Recital of the facts alone suffices to show the absence of merit in the contention of lack of probable cause. Whether or not the combination of the informant's report and the teller's 'tentative' identification of Titus' photograph would have sufficed, Neville's positive statement was more than enough to tip the scales. To seek to assimilate the confession of a participant in a crime to the statement of an 'informant' with no previous record of reliability, as appellant does, is mere semantics, and highly unconvincing semantics at that.
The argument with respect to the failure to secure an arrest warrant takes off from the statement in Jones v. United States, 357 U.S. 493, 499-500, 78 S.Ct. 1253, 1257, 2 L.Ed.2d 1514 (1958), which characterized as 'a grave constitutional question' whether 'the forceful nighttime entry into a dwelling to arrest a person reasonably believed within, upon probable cause that he had committed a felony, under circumstances where no reason appears why an arrest warrant could not have been sought, is consistent with the Fourth Amendment,' but did not decide it. The recent Supreme Court case of Coolidge v. New Hampshire, 403 U.S. 443, 91 S.Ct. 2022, 29 L.Ed.2d 564 (1971), makes clear that the question is still open, id. at 474, 91 S.Ct. at 2043 (opinion of Stewart, J.), id. at 492, 91 S.Ct. at 2051 (concurring opinion of Harlan, J.). It is unnecessary for us to attempt to decide it here, since sufficient 'reason appears why an arrest warrant could not have been sought' without unreasonable risk of Titus' escape. The very fact of the arrest of Neville, who told the FBI he had been at the apartment on two recent occasions, created some risk that if Titus sought to get in touch with him and was unable to do so, he would become apprehensive and decide to get away. The risk was heightened by the fact that the Buffalo City Police had broadcast the news of Neville's arrest over their radio network. Almost immediately Agent Welch began to receive inquiries from the news media, which concerned him because of their potential effect not only on Titus who might get the news on an early morning local news broadcast, but also on another armed man suspected of having collaborated in a different bank robbery. Substantial time would have been required to prepare affidavits, to travel some 15 miles to the residence of one or the other of the two commissioners, to present the affidavits for consideration by the commissioner, and to return to make the arrest. Perhaps in the light of hindsight, all of this could have been done without Titus having escaped. But the Fourth Amendment does not require law enforcement officers to take such a nicely calculated risk of the escape of an armed robber even in order to make a nighttime arrest in a home. The FBI agents had demonstrated their respect for the Amendment when they obtained a warrant for Neville's arrest; they acted with equal consistency when they determined there was insufficient time to do this in Titus' case without taking an unjustified risk of his escape.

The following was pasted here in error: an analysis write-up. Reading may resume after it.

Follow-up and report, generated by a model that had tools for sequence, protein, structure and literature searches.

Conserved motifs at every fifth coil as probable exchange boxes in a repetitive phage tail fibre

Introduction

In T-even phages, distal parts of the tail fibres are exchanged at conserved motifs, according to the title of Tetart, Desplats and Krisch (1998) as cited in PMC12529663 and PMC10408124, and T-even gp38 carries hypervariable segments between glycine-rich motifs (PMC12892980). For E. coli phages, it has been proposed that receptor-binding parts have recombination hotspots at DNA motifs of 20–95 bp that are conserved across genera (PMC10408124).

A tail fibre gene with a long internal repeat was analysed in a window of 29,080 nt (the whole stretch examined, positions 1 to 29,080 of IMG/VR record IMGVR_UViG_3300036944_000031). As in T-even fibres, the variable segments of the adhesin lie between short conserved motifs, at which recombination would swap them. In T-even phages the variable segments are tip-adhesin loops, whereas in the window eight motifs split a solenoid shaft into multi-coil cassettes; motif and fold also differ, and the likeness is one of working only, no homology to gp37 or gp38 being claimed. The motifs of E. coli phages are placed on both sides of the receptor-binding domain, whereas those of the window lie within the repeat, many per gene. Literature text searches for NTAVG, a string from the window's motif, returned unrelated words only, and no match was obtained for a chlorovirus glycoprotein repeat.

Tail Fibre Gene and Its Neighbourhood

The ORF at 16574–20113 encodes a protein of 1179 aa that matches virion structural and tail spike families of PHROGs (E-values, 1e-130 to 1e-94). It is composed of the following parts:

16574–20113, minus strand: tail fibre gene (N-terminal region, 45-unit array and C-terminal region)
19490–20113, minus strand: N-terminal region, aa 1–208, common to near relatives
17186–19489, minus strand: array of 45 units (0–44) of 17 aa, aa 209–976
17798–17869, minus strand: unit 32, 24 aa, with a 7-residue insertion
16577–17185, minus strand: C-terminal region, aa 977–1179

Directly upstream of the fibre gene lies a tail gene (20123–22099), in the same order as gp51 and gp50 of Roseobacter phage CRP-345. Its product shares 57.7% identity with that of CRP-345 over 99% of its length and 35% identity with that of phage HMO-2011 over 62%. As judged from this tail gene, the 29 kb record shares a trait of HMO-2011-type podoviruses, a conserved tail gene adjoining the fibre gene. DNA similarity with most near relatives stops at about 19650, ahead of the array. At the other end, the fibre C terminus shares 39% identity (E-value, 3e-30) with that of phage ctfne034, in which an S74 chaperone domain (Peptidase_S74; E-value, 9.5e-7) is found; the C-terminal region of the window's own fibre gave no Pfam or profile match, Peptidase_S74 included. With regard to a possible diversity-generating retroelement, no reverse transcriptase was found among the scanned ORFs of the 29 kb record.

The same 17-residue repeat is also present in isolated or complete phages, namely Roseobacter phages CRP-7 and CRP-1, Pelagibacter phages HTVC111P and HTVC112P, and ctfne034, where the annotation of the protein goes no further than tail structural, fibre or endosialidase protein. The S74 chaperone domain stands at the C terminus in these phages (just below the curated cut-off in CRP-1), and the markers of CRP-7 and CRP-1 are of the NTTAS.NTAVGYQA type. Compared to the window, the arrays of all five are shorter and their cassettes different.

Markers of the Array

There was likewise no violation of Chimel. It is not contended that the agents could not properly seize the shotgun. Since they were bound to find some clothing for Titus rather than take him nude to FBI headquarters on a December night, the fatigue jackets were properly seized under the 'plain view' doctrine. Welch was entitled to turn on the kitchen lights, both to assist his own exit and to see whether the other robber might be about; when he saw the stolen money, he was permitted to seize it. Everything the agents took was in their 'plain view' while they were where they had a right to be; there was no general rummaging of the apartment, Harris v. United States, 390 U.S. 234, 88 S.Ct. 992, 19 L.Ed.2d 1067 (1968); United States v. Kee Ming Hsu, 424 F.2d 1286 (2 Cir. 1970). Nothing in the plurality opinion in Coolidge v. New Hampshire, supra, 402 U.S. at 464-473, 91 S.Ct. 2037-2041, is to the contrary; the seizures in this case met the test of 'inadvertence' there outlined.